Screen review: ‘Knight of Cups’


Terrence Malick’s 2011 film The Tree of Life may be the first commercial movie I ever saw that I felt was truly critic-proof. Not that critics couldn’t destroy it or that audiences wouldn’t care but critic-proof in the sense that it would be impossible to disagree with anyone, no matter what their opinion of it was. Love it? I agree. Hate it? I would find it difficult to argue against you. It was experiential, a movie that washed over you in its opulent wooziness, a dreamy reverie on the meaning of life itself.

Malick has long been obsessed with nature (human nature, the natural world, life and death), which was infused in his early films — he made only two in the first 25 years of his career, both brilliant: Badlands and Days of Heaven). In more recent years, he has become increasingly stylized and not experimental. He eschews narrative, and even a script, in favor of something bordering on the spiritual. He’s less about making art than about pondering his existence.

His follow-up to Tree of Life, To the Wonder, was an opaque story of a relationship that had many of the previous elements but a more contemporary and adult perspective. Where Tree of Life glanced back at childhood, To the Wonder felt more like aging awkwardly into adulthood, the whole “through a glass darkly” shtick. It wasn’t as successful, and in many ways not even good, but it was Terry Malick, a true film legend, and, as with Willy Loman, attention must be paid.

But Malick’s latest adventure, Knight of Cups, looks to be the final tentpole in this existential trilogy, although a better analogy might be the last stake through the heart. It seems almost aggressively anxious to bore its audience into surrender. To be certain, there’s a place for such highfalutin craftiness in the tapestry of film. But this one feels less experimental then torturous. Narrative has completely escaped Malick; he lingers instead of continuously jumpy camera movements, meaningless voiceover whispered as if daring its audience to fall asleep, and unexpectedly prurient sexual frolicking and voyeurism.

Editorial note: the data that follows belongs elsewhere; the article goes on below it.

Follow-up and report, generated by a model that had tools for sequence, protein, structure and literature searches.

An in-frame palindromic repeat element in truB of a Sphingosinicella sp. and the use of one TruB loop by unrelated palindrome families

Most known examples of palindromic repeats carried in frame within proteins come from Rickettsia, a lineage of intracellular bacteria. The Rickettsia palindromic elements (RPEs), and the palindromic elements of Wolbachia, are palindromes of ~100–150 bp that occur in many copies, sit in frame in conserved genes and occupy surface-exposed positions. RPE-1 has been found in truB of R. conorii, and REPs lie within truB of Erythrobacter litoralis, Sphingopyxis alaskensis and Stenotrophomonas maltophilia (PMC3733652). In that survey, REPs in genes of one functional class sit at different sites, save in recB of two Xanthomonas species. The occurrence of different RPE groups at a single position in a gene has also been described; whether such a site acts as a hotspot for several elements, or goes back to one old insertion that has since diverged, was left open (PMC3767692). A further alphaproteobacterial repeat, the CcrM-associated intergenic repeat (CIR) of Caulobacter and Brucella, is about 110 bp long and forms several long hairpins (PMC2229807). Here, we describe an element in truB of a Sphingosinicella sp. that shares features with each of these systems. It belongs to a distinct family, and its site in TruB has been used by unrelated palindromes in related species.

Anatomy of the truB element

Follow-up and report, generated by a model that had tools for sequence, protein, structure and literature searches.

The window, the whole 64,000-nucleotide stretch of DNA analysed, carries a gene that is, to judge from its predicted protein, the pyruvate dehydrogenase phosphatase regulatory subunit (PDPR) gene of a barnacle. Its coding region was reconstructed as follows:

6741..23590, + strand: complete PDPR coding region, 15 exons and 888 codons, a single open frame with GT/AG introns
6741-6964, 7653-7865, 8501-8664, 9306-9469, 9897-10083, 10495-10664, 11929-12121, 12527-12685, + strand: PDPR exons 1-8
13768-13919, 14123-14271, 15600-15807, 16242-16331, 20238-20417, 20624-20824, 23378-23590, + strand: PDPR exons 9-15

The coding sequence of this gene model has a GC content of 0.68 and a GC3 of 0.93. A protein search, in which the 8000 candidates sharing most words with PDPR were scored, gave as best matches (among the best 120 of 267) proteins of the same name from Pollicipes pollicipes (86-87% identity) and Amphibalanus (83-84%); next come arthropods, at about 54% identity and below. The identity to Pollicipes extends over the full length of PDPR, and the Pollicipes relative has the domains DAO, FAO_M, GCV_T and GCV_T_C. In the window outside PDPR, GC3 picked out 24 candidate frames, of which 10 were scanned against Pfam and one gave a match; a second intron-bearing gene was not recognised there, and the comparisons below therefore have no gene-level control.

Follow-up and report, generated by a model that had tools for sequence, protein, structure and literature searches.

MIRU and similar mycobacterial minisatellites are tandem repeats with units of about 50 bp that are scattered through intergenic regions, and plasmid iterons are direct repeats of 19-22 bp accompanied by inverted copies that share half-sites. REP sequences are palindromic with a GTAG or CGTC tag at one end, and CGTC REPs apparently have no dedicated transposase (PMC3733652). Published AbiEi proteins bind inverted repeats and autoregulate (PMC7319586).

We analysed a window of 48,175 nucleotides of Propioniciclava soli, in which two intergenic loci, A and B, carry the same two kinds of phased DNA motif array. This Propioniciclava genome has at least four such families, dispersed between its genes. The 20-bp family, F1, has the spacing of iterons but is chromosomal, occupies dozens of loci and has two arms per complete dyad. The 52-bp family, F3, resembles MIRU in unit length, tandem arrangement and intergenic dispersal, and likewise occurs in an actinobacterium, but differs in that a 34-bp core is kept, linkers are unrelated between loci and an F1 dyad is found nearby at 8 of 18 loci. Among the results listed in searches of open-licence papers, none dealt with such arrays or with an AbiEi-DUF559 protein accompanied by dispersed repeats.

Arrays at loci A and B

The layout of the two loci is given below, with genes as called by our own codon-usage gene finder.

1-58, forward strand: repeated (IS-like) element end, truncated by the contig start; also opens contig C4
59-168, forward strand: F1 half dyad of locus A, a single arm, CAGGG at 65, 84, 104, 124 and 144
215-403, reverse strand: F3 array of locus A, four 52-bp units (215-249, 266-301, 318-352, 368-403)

The plot — or rather, the infrastructure around which the character study seems to be built — deals with and Hollywood screenwriter (Christian Bale) whose life has been a series of meaningless sexual conquests and failed adult relationships, two of which are apparently with Cate Blanchett and Natalie Portman, though neither makes a modicum of sense. Basically, it’s a story as old as middle-age itself, the 40-year-old Lothario realizing his life is pointless while looking back on his relationship with his father for clues as to where he went wrong. (Fellini did it better in 8-1/2 and that was 50 years ago.) For all of its stark vistas and exquisite lighting, Knight of Cups feels unpolished and even ugly. Malick and his gifted director of photography, Emmanuel Lubezki (who just won his third consecutive Oscar), seem to have captured moments of beauty on the fly, without taking time to fully compose and refine them. Scenes of Las Vegas feel less like planned-out testaments to mass consumerism and more like bad selfies taken in 70mm. It looks like a cheap perfume commercial that goes on until your butt numbs in the seat.

It’s a sad coda for the 72-year-old Malick, a muddled capstone to what is been a fascinating career from a talented film artist. Sadly, as many before him, he has allowed his own sense of confusion to become not his art but his coffin. Malick walls himself inside a boneyard of convoluted imagery, a victim of artistic senility sentenced to tread over old ground ranting to dead ears..

— Arnold Wayne Jones

This article appeared in the Dallas Voice print edition March 11, 2016.

—  Arnold Wayne Jones

REVIEWS: Operatic ‘Turandot’ vs. balletic ‘To the Wonder’

The beautiful production at Dallas Opera. Photo by Karen Almond